In this “charming debut” (People) from one of Sweden’s most successful authors, a grumpy yet loveable man finds his solitary world turned on its head when a boisterous young family moves in next door.
Meet Ove. He’s a curmudgeon—the kind of man who points at people he dislikes as if they were burglars caught outside his bedroom window. He has staunch principles, strict routines, and a short fuse. People call him “the bitter neighbor from hell.” But must Ove be bitter just because he doesn’t walk around with a smile plastered to his face all the time?
Behind the cranky exterior there is a story and a sadness. So when one November morning a chatty young couple with two chatty young daughters move in next door and accidentally flatten Ove’s mailbox, it is the lead-in to a comical and heartwarming tale of unkempt cats, unexpected friendship, and the ancient art of backing up a U-Haul. All of which will change one cranky old man and a local residents’ association to their very foundations.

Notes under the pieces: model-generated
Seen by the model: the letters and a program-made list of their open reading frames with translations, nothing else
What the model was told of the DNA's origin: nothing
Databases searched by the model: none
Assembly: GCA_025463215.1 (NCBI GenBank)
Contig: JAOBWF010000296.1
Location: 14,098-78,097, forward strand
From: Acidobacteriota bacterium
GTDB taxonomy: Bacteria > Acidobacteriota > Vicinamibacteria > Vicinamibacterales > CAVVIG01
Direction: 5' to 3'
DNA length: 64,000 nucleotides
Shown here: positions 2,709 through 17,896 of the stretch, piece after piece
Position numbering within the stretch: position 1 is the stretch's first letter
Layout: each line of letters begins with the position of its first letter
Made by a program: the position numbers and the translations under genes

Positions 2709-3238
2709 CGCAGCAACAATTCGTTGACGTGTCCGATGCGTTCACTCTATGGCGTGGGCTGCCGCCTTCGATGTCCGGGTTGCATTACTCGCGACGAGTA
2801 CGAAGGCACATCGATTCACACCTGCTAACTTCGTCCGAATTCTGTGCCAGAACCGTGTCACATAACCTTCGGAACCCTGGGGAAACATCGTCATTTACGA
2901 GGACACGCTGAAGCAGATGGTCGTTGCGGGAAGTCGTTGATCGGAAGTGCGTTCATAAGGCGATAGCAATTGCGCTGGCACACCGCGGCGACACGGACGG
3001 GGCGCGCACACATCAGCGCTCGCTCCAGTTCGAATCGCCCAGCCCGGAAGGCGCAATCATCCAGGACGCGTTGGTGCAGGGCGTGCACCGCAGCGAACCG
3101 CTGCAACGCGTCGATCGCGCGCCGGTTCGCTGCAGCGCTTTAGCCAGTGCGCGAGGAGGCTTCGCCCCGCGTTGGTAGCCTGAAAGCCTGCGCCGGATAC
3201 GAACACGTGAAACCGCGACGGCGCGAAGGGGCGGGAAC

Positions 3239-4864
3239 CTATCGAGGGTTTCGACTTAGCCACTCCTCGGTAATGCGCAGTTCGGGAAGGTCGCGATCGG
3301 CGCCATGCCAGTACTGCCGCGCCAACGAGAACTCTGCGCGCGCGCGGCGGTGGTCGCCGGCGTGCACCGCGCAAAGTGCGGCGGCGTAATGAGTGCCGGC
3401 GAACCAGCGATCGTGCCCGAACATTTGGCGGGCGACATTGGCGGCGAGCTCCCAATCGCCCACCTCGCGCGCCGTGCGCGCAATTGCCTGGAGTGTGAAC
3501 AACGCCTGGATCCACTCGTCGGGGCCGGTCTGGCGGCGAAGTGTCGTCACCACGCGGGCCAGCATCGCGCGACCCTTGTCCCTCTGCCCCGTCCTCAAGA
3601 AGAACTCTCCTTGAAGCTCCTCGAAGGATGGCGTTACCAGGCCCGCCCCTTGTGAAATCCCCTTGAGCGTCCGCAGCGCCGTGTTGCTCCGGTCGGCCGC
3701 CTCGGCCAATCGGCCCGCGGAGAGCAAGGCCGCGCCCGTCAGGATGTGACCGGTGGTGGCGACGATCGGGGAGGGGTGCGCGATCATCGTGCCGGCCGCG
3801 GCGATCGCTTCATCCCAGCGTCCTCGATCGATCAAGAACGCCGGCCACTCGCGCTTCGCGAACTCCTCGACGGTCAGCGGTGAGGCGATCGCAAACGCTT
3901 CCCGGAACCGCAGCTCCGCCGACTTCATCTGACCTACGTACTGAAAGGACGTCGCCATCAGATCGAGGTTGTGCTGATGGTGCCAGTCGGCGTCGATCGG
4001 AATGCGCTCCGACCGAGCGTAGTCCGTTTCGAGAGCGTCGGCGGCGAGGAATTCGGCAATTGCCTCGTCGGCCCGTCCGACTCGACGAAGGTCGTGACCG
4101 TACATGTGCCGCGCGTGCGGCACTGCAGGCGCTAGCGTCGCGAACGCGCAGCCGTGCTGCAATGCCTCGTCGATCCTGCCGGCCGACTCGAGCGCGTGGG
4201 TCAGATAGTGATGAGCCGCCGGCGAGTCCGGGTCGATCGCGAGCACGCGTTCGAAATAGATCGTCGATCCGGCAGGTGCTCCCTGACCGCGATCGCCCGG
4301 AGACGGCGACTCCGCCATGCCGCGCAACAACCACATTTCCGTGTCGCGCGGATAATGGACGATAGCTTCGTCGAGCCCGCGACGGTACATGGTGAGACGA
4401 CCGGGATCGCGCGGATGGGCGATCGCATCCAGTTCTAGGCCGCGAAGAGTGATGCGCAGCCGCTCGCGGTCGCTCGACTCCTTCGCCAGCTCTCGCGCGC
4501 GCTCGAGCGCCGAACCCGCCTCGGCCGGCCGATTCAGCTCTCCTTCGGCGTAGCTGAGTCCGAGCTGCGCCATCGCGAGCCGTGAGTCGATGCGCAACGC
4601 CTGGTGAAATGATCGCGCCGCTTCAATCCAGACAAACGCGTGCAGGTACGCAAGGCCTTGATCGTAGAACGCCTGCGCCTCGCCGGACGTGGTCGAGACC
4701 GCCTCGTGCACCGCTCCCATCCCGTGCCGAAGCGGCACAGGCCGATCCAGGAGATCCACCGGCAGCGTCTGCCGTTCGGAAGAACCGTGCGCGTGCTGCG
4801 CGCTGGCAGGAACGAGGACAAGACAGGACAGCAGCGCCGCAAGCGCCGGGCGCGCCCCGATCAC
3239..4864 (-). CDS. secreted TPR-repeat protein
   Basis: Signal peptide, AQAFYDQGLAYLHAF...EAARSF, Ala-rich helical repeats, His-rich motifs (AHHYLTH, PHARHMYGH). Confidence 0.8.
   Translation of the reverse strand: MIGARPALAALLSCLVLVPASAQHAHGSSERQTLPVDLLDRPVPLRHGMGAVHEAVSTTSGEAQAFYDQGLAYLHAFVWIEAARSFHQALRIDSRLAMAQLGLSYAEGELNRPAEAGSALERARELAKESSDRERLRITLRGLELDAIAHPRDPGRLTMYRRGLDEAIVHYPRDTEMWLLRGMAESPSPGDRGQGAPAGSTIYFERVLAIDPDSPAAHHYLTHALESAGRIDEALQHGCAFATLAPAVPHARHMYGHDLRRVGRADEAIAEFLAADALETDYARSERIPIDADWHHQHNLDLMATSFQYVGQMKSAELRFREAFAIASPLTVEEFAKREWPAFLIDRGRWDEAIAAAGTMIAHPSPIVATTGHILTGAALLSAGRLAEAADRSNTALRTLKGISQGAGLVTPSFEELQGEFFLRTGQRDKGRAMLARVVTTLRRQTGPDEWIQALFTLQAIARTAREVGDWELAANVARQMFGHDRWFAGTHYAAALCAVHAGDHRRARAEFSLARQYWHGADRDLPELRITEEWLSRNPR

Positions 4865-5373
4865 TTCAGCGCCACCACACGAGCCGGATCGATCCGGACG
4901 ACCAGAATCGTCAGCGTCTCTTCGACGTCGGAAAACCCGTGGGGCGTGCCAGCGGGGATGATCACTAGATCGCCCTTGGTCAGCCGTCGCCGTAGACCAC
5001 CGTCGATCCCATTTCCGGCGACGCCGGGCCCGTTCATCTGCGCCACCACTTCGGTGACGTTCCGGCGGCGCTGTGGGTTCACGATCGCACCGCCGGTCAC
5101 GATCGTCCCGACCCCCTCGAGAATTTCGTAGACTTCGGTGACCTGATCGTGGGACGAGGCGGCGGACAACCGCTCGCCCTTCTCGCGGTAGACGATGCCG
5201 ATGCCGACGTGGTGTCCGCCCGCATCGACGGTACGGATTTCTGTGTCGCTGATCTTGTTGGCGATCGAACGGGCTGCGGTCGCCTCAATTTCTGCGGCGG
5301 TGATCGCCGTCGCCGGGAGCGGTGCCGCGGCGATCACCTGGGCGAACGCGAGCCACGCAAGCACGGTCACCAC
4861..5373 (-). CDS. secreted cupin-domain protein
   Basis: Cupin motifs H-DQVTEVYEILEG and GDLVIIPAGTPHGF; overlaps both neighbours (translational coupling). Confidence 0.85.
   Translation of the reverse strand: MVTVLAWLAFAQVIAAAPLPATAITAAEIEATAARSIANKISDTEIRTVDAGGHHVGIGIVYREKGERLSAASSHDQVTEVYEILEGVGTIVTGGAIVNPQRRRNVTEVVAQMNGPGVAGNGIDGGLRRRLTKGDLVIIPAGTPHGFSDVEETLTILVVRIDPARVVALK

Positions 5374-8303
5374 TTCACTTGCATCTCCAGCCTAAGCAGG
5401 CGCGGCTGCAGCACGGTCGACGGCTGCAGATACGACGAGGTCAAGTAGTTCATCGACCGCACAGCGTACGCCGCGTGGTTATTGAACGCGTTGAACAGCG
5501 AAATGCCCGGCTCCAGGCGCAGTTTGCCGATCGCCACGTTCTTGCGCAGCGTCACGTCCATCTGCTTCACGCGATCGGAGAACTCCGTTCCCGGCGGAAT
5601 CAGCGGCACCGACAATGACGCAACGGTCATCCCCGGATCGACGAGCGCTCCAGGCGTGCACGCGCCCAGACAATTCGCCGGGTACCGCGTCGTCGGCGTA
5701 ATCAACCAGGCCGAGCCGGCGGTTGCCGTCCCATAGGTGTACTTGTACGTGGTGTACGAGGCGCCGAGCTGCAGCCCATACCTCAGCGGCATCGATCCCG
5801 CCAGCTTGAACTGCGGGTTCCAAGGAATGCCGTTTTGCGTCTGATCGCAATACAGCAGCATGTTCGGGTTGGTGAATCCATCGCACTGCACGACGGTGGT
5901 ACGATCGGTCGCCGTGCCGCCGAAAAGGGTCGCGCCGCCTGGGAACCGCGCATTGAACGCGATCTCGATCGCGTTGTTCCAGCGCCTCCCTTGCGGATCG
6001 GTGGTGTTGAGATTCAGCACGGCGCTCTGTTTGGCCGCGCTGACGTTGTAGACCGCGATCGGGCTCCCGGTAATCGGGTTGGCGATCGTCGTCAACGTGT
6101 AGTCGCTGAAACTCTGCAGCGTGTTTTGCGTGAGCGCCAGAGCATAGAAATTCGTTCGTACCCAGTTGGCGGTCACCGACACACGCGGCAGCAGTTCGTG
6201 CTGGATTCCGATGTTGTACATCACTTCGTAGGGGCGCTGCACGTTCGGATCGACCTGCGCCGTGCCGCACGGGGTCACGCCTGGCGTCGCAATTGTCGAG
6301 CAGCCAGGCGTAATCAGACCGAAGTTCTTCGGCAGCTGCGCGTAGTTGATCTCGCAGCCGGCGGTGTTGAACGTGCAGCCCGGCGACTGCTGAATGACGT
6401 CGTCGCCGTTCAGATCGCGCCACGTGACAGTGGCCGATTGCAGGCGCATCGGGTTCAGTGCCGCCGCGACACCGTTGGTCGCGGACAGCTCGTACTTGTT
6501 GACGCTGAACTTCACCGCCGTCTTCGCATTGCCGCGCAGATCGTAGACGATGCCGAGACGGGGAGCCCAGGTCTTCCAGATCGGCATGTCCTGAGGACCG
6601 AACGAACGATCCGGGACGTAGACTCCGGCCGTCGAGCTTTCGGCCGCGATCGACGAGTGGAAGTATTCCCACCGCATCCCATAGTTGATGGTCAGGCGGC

A feel-good story in the spirit of The Unlikely Pilgrimage of Harold Fry and Major Pettigrew’s Last Stand, Fredrik Backman’s novel about the angry old man next door is a thoughtful exploration of the profound impact one life has on countless others. “If there was an award for ‘Most Charming Book of the Year,’ this first novel by a Swedish blogger-turned-overnight-sensation would win hands down” (Booklist, starred review).
Someone Like Me centers on Graham Boyce, an FBI agent who is depressed. To lift his spirits, his psychiatrist suggest that he goes out and is social. He goes out, struggles to connect with others. He feels rejected. During that night, he leaves the restaurant for a walk to clear his head. He is being followed and realize with astonishment, that the man that follows him looks familiar to him or, more precisely, that man looks exactly like him. He feels threaten and fears for his life. Against his own best judgment, Boyce decides to follow his double through the night. What happens next is a wonderfully twisted reflection of personality and uniqueness? It is an amazing, brilliant thriller in this haunting tale of appearance versus reality. Greg Bolen described his objectives for the book: “I want to place the reader into the body of Graham Boyce with this book and to make the experience of the reader’s imagination, from beginning to end, an absolutely personal one.”